Friday was a busy day, with the Bilingual Poetry Workshops in the Lismore Library for three groups of primary school children, and hosted by Irish language poet from An Rinn (Ring), Áine Uí Fhoghlú, who awakened the natural creative spirit of the children in the course of the morning. The WLRFM BlasterCaster van was in town for two days live broadcasting and it gave great publicity locally to the Festival, as they interviewed committee members and presenters throughout both Friday and Saturday.
Rory MacLean in an aerial shot
Fergal Keane enthralling the audience
Friday evening saw another speaker in the Courthouse Theatre, Rory MacLean, a Canadian travel writer now living in Berlin, who has travelled beyond the old Iron Curtain and written a semi-fictional account with characters that may be real or simply based on composite characters...who knows but it makes for fascinating reading! He also wrote about his journeys in Burma, where he met Aung San Suu Kyi, and he travelled from Istanbul to Kathmandhu along the old Hippie Trail, and wrote about it in The Magic Bus. He has a distinctly quirky style and I really look forward to reading his books. This is one of the joys of Immrama, stocking up guilt-free on all the books of the speakers, getting them signed and anticipating the pleasure in reading them over the summer. Luckily Easons are the main sponsor, and as they are Ireland's best-known bookshop they manage to get large stocks of the speakers' books, many of which may have been hard to source otherwise. Another night in the pub, this time Foley's on the Mall, which was packed and the ambience was perfect for the festival weekend.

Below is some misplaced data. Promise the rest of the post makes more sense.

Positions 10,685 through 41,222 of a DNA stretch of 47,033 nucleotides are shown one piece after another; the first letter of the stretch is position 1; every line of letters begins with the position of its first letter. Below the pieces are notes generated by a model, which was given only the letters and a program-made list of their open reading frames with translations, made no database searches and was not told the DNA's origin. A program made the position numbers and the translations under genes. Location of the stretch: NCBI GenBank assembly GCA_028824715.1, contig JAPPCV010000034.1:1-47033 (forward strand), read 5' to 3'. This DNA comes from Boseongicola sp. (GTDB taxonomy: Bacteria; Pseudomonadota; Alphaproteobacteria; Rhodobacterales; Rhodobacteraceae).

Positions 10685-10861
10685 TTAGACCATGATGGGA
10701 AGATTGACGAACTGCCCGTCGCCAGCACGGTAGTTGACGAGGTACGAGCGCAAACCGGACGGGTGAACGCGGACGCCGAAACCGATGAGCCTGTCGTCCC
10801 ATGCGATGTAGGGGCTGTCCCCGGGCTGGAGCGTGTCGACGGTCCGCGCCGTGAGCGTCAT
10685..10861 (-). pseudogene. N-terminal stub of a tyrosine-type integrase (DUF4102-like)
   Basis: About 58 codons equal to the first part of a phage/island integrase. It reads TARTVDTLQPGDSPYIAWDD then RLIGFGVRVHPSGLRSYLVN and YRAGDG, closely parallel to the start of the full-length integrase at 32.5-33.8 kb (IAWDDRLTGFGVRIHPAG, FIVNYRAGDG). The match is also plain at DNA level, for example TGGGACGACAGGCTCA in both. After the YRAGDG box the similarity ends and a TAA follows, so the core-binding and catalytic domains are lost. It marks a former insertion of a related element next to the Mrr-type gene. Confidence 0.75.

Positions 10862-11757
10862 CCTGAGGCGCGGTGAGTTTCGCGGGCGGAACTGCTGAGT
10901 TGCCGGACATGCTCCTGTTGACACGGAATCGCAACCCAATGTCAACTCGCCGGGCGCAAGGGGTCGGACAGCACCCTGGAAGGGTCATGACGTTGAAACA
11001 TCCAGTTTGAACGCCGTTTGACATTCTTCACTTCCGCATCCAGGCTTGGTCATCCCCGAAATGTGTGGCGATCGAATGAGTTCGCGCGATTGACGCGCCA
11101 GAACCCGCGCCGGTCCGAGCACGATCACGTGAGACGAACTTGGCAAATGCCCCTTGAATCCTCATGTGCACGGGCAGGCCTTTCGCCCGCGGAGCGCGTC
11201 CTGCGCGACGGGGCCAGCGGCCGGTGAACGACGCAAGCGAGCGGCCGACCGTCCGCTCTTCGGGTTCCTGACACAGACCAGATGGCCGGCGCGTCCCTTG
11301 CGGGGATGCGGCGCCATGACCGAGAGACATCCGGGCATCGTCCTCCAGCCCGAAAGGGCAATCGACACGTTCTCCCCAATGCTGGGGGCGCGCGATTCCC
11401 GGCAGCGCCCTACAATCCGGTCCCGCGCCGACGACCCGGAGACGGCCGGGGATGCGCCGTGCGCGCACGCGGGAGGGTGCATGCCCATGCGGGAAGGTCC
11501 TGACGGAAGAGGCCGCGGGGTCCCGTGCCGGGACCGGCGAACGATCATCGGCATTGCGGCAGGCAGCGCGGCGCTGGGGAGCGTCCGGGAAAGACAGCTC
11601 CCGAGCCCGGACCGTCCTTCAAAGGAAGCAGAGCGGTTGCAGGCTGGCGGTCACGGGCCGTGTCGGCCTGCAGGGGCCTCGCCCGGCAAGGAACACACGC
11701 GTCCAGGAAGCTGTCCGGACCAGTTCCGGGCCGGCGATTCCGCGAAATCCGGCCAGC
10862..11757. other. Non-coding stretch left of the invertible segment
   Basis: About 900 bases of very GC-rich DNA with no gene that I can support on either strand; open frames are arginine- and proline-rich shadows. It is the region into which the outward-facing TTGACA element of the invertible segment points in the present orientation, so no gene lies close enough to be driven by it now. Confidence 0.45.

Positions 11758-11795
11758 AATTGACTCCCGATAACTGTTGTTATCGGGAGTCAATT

Jan and me - cameras in tow - posing!
I have already mentioned the main speakers at the start of the post, and Kate Adie and Fergal Keane certainly got a wonderful welcome, and it was a great privilege to meet such iconic journalists and writers who bring the reports of the conflicts of our contemporary world into our living rooms with such integrity.
I still recall watching his Panorama documentary in a refugee area in Western Tanzania at the height of the crisis when someone was sent the video from home. He followed one of the genocidal commune leaders into Benaco Camp in Ngara from the village in Rwanda where he oversaw the massacre in the church at Nyarubuye and it has to be one of the most memorable moments in television documentary history. Justice was eventually done as that leader, and Sylvestre Gacumbitsi was convicted in Arusha on Fergal's evidence. Fergal has Ardmore connections through his grandmother and spends time there every summer with Ann, his wife, and their two children, and many friends came from Ardmore to meet him in Lismore.
Fergal Keane, Jan and me at the book signing
Sunday dawned with the Literary Breakfast in Ballyrafter where Manchán Magan was the speaker. He was very funny, regaling us with tales of his misadventures in Africa when he trucked down the continent in an old ex-army Bedford truck, with a bunch of misfits and escapists who were a far cry from the explorer-type soulmates he'd hoped to meet. He is well-known from his travel programmes on TG4 the Irish-language national TV channel, and has done some great documentaries with his brother Ruán.
Manchan Magan at the Literary Breakfast